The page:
Loss Problems

Weather, crime and other unforeseen issues extend beyond your control, regardless of whether you’re completing a home improvement project. Due to this, you’ll want to consider how you can protect your home against losses during each stage of a home improvement endeavor.

Builders risk insurance can help you limit the risk associated with loss problems. It offers temporary protection, and the coverage will end after your home improvement project reaches its conclusion. Moreover, a builders risk insurance policy commonly costs between 1 percent to 3 percent of your total construction budget, which means you likely won’t need to break your budget to purchase this coverage.

Risk to Neighbors

A home improvement project may be considered a nuisance to neighbors, and for good reason. The endeavor may create excess noise at various points throughout the day. If you’re not careful, your home improvement project may expose your neighbors to a wide range of hazards.

Consider the risk that a home improvement project poses to neighbors. This will allow you to examine how your home improvement project may impact the local community, explore ways to minimize risk throughout the project and guarantee that you have sufficient home insurance coverage limits in place.

Storage of Personal Property

You may need to put your personal property in a temporary storage unit throughout a home improvement project, or you may ask a family member or friend to store your treasured belongings until the home improvement project is finished.

If you feel your personal property may be at risk during a home improvement project, you might want to relocate it before you kick off your venture. Also, don’t forget to notify your insurance agent, as this will enable you to ensure that your personal property will be protected at any location, at any time.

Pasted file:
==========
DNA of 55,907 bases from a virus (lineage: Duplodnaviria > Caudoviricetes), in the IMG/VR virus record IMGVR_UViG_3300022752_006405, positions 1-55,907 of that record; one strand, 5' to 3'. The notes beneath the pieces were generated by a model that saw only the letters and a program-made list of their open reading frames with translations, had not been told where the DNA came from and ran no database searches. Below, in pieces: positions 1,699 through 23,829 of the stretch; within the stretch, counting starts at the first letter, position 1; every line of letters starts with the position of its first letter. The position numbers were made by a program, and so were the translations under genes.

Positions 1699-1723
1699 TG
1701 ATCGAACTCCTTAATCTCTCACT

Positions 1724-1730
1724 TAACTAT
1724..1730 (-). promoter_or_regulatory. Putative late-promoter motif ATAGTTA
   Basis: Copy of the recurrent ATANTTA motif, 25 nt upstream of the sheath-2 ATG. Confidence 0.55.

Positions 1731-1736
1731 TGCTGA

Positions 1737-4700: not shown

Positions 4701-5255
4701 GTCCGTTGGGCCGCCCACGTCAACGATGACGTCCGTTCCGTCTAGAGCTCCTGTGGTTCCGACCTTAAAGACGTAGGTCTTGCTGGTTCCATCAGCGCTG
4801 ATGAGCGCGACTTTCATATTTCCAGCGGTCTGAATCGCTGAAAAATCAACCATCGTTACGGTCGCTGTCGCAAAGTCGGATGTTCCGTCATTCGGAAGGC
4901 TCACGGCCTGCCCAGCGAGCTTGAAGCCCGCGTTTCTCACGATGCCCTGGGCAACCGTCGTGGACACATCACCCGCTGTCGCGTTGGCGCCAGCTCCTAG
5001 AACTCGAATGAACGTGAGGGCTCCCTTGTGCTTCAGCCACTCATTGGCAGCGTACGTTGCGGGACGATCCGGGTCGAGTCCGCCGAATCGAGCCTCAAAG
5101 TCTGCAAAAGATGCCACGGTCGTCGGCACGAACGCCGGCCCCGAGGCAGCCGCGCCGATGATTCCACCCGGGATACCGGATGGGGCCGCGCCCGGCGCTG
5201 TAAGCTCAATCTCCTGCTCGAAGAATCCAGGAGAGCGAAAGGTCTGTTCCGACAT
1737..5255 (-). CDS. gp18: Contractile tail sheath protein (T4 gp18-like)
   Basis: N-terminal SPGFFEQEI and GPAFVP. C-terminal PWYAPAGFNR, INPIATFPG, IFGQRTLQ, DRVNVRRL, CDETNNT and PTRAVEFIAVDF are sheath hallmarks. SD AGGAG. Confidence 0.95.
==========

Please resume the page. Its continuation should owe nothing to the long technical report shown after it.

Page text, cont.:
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Building Codes

Is your house up to code? If not, you may need to consider the costs associated with bringing your home up to code as you complete a home improvement project.

Some home insurance policies feature building codes coverage that helps homeowners pay for the costs to rebuild a residence that typically requires upgrades to meet current building regulations after a covered incident. This doesn’t cover renovations, however, unless you suffered a loss (such as a fire).

Reach out to your insurance provider to find out if you have building codes coverage included in your home insurance policy. This will allow you to learn the ins and outs of your home insurance policy — and your building codes coverage — and plan your home improvement project accordingly.

Home Permits

A professional contractor frequently picks up building permits before a home improvement project. On the other hand, if you decide to complete home maintenance and repairs on your own, you will be responsible for getting the right permits in advance. Check with the city or town government to find out what you need.

If you’re ever uncertain about how your home improvement project may affect your home insurance, or vice-versa, don’t hesitate to contact your insurance agent for extra help. It is always better to err on the side of caution, especially when it comes to your home insurance coverage. With an expert insurance agent at your disposal, you’ll be able to complete your home improvement project and minimize risk at the same time.


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About The Author
Ryan Hanley
Ryan Hanley is the Vice President of Marketing at TrustedChoice.com and the Managing Editor of Agency Nation. He is also a speaker, podcaster and author of the Amazon best-seller, Content Warfare. Ryan has over 10 years of insurance expertise and blogs frequently to help consumers understand complicated insurance topics.